Race and modified engines with forced induction- High compression engines with excessive boost pressure
When boost pressure exceeds the limits of what a spark plug can physically withstand, damage will occur.
Turbochargers and superchargers have been creating horsepower for a very long time. They are an effective way of boosting (hence the term “boosted”) an engines ability to create crazy amounts of additional horsepower. This horsepower can sometimes come at a cost. Those costs can range from the actual dollar amount of the components, to the consequences of too much “Go Baby Go”.
Following basic charts and guides for compression and boost will not only yield the intended outcome of your modification but also ensure you have parts left of your motor to inspect for proper tuning and set up. Many manufactures offer technical resources and recommendations for their products and have vast amounts of data and expertise at their fingertips.
The pictures in this article are from a pulling truck with a 500ci big block with a static compression ratio of 11.5:1, a supercharger creating 46 psi of boost at 8,000 RPM and running methanol fuel.
These two images show how the extremely high cylinder pressure has damaged the center electrode and forced it into the insulator. The top image shows how that force has bent the center electrode while the bottom image appears to be missing something. It is not missing anything, that is the center electrode that has been forced into the insulator.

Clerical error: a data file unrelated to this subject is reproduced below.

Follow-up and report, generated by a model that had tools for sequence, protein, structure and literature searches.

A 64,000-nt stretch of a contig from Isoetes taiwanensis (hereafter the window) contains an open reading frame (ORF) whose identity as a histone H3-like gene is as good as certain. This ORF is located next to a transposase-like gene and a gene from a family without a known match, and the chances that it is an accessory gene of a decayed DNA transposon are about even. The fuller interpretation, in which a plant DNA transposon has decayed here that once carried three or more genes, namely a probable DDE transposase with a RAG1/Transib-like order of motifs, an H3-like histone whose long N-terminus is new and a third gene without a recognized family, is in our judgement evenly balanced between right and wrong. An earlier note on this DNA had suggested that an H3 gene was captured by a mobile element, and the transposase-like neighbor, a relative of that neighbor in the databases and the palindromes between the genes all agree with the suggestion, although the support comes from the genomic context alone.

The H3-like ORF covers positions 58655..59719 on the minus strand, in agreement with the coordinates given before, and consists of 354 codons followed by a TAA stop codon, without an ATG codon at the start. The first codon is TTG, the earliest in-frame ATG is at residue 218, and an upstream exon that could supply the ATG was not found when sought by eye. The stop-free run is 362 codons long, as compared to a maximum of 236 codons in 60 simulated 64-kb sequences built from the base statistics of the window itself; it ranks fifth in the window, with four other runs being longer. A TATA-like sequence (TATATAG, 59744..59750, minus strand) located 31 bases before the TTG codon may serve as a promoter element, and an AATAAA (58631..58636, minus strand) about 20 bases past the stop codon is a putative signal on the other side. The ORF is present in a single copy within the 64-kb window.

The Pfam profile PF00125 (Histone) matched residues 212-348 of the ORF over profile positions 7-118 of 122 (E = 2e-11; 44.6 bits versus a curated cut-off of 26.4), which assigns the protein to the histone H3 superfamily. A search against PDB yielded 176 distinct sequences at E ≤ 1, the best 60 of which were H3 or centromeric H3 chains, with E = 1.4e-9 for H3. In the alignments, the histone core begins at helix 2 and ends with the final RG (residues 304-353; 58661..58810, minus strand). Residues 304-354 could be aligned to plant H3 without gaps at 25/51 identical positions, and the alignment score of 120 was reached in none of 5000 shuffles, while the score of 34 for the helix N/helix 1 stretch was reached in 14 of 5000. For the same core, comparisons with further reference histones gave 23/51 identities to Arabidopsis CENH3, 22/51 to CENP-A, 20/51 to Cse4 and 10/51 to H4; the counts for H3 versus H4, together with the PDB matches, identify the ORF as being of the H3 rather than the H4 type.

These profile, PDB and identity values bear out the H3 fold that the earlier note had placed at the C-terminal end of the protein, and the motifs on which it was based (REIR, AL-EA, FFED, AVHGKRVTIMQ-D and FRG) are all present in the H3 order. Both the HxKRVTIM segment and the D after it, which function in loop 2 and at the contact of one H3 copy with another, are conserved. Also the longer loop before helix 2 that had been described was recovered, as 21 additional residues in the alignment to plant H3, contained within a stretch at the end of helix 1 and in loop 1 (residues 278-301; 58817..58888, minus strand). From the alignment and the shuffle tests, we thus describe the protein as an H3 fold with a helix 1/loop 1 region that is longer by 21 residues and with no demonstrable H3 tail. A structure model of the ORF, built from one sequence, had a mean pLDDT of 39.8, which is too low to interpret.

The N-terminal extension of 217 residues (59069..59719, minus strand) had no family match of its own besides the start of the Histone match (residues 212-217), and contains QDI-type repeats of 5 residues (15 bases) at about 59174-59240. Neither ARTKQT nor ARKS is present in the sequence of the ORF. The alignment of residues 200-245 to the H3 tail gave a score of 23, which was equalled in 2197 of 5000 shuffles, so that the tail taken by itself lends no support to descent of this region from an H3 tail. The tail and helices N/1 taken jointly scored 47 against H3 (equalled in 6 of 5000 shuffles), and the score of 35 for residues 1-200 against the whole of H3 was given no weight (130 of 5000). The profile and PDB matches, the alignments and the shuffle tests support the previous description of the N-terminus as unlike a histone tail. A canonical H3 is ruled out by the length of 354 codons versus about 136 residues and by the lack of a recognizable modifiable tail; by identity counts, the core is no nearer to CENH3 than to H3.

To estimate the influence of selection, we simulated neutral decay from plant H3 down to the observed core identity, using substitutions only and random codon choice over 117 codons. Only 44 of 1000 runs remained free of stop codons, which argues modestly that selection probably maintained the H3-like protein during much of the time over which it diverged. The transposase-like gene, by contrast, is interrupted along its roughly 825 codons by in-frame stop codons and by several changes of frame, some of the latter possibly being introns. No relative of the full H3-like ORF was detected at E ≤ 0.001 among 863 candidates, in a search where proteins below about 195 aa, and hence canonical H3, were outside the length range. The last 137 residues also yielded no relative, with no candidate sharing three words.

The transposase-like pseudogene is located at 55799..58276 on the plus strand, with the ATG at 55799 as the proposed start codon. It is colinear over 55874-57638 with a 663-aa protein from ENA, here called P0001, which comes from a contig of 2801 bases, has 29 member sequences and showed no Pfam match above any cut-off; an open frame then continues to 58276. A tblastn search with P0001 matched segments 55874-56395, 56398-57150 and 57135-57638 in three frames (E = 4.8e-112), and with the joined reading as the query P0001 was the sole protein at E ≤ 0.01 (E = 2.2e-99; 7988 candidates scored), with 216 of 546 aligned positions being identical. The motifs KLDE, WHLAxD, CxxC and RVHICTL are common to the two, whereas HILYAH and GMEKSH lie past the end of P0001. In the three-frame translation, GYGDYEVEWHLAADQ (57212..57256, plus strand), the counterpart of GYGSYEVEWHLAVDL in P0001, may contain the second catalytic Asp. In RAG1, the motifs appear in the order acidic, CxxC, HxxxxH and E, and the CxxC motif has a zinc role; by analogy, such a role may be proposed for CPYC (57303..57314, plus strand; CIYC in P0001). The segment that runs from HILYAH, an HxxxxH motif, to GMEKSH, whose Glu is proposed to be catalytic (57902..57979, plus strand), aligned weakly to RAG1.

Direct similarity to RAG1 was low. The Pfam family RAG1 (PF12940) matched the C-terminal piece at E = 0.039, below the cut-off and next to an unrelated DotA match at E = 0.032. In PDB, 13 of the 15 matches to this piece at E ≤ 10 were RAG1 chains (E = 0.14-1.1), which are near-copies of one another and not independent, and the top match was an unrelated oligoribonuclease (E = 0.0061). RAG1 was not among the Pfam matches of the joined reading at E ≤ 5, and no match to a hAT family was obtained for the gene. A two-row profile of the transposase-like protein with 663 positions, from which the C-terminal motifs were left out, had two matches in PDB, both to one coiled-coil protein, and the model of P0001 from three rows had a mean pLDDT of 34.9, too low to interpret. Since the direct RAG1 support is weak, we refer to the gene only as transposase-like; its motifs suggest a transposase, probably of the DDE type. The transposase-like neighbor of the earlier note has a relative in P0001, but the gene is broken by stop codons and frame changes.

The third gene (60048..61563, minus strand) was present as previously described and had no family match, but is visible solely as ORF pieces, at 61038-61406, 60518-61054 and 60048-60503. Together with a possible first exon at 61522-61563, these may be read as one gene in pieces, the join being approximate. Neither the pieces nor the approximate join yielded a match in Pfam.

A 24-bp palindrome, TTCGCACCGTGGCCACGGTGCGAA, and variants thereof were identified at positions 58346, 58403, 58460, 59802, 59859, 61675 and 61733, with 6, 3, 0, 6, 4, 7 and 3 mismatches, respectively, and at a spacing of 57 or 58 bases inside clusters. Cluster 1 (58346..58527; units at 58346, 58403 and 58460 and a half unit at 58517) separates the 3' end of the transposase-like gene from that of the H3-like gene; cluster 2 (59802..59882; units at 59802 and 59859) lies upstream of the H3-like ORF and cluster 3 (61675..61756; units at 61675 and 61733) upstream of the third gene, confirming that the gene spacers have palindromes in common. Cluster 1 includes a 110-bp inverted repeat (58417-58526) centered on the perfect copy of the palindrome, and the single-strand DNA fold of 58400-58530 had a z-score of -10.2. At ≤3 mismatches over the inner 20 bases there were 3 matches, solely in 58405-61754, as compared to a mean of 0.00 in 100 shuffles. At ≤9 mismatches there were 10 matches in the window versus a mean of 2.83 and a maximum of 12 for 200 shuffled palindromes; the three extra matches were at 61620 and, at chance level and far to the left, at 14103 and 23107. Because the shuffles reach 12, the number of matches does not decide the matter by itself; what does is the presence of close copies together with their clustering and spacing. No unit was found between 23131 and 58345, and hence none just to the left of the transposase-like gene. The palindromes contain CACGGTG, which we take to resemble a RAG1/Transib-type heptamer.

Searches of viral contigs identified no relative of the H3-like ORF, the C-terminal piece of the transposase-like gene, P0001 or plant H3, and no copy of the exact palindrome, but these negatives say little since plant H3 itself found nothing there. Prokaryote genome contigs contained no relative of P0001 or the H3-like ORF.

The arrows show the distance the center electrode has been forced back into the ceramic insulator, while the circled area shows the center electrode has bent due to the extreme cylinder pressures.
Normal positioning of the center electrode within the insulator.
Within the colored circles notice the shaded areas. The top image has very little area within the terminal nut where sealing powder normally occupies that space. The bottom image, in the green colored circle area, shows the normal positioning of the center electrode. Once the excessively high cylinder pressure forced the electrode beyond its limit, no other area remained and the electrode started to bend causing the eventual failure.
Performance and modified engine applications using additional power adders such as super chargers, turbos, nitrous kits and alternate fuels, require specific spark plugs that fit the needs of those modifications as well as very precise tuning to handle the very large amounts of additional horsepower they are capable of creating. Heat range and ground electrode designs are two of the most common manipulated specifications. With the higher, more radical performance changes comes the increased likelihood of mechanical fatigue and component failure. This has increasingly become an acceptable outcome when engines are given performance modifications that exceed the structural capabilities of its components within.
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